Saturday, April 16, 2016

Perception

Oh Herro there! *throws rainbows at you* Today I want to talk about how the perception of things can drastically change the way things are presented and how it relates to writing fiction. The way we perceive things has an effect on everything else. It's an important part of everyday life and thus is important to writing about fictional lives as well. So let's dive in and see what we can see.

The Glass Is Half Full

Are your characters optimists or pessimists? This is an important question to ask for each character. It helps to set the tone for your world. Your voice or narrator can present things in wildly different ways. A line like "The flowers danced in the sunlight their scent reminding me of Spring" into a line like "I put sunglasses on to shield myself from the harsh rays of light, my sneezes remind me of the rampant infestation of pollen in the air". One casts a positive happy mood on things while the other sounds like something Grumpy Cat would say. Both lines could be used to describe the same thing.

Obviously the current situation will have an effect on how your characters feel at the time. Their outlook on life will still push things one way or another. Given a hopeless situation an optimistic voice will still cling to hope like a lost puppy. While a pessimistic voice will find something wrong with the least stressful of obstacles. The power of confidence and belief battles with doubt and denial all day every day. This is yet another layer that can be added to a character to make them feel realistic. Everyone has their inner doubts, but what side wins?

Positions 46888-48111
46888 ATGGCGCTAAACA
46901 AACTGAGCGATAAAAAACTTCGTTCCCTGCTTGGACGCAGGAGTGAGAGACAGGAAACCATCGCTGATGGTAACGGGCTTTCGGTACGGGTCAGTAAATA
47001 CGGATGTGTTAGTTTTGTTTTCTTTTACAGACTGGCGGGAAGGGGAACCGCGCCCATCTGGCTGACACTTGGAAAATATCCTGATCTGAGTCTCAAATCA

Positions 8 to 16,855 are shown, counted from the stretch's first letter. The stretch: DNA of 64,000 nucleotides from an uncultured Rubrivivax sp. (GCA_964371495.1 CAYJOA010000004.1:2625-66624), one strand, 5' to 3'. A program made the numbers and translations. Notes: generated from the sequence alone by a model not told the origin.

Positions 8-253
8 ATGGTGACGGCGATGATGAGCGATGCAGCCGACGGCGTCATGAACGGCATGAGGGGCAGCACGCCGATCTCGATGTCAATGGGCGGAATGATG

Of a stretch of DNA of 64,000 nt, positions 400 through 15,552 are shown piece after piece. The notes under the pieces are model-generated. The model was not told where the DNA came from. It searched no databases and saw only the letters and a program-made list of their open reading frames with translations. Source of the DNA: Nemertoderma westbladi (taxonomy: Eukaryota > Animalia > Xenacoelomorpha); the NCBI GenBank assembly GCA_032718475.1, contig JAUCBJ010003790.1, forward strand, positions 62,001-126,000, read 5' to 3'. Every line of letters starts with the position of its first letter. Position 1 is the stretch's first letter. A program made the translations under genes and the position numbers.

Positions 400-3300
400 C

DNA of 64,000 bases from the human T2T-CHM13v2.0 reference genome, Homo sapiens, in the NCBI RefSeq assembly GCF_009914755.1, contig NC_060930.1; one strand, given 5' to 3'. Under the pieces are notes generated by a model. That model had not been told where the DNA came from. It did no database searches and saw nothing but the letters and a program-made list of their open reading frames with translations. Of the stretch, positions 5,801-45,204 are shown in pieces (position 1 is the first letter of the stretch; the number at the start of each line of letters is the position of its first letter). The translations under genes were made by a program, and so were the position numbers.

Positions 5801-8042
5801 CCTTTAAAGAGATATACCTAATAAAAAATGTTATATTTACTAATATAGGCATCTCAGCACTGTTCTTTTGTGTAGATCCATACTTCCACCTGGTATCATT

Set The Mood

This sets the tone for each scene, so think about what kind of scene it is. Are people going to die? Is it a jarring experience or are the heroes finally storming Captain Fluffything's evil fortress filled with death traps? That could help determine if you want to foreshadow what may happen by setting the mood going in. Even an optimistic character is not immune to the dark hue of the fact that something *might* happen.

As a writer you have the freedom to show readers that everything is not as rosy as it seems. It could be that the rose is made of glass and that glass is already cracking down the middle. All it would take is for the bad guys to touch it once and the whole thing would shatter. That would release the magic of the ancients and unlock the prison of the Undead Magna-Dragon. Then your heroes would have only 2 choices. Die while fighting valiantly, or unleash the Godzilla.

One of your characters may also have duct tape and think that will help hold the magic in. They can draw a smiley face in the middle of it as a ward against those who would try to run or say that we are all doomed. As a writer you can let that lighten the mood to act as a tension breaker or you could let the following silence hammer home the hopelessness of the situation.

Conclusion

In a world where perception is everything, a writer can work to control what that perception is to lead the reader down a path of their choosing. We have the power to set the mood based on what is happening and how the characters feel about the situation. Your voice while writing and describing things sets the tone for what is coming. It can be used to shock the reader with something unexpected or to help foreshadow the incoming event.

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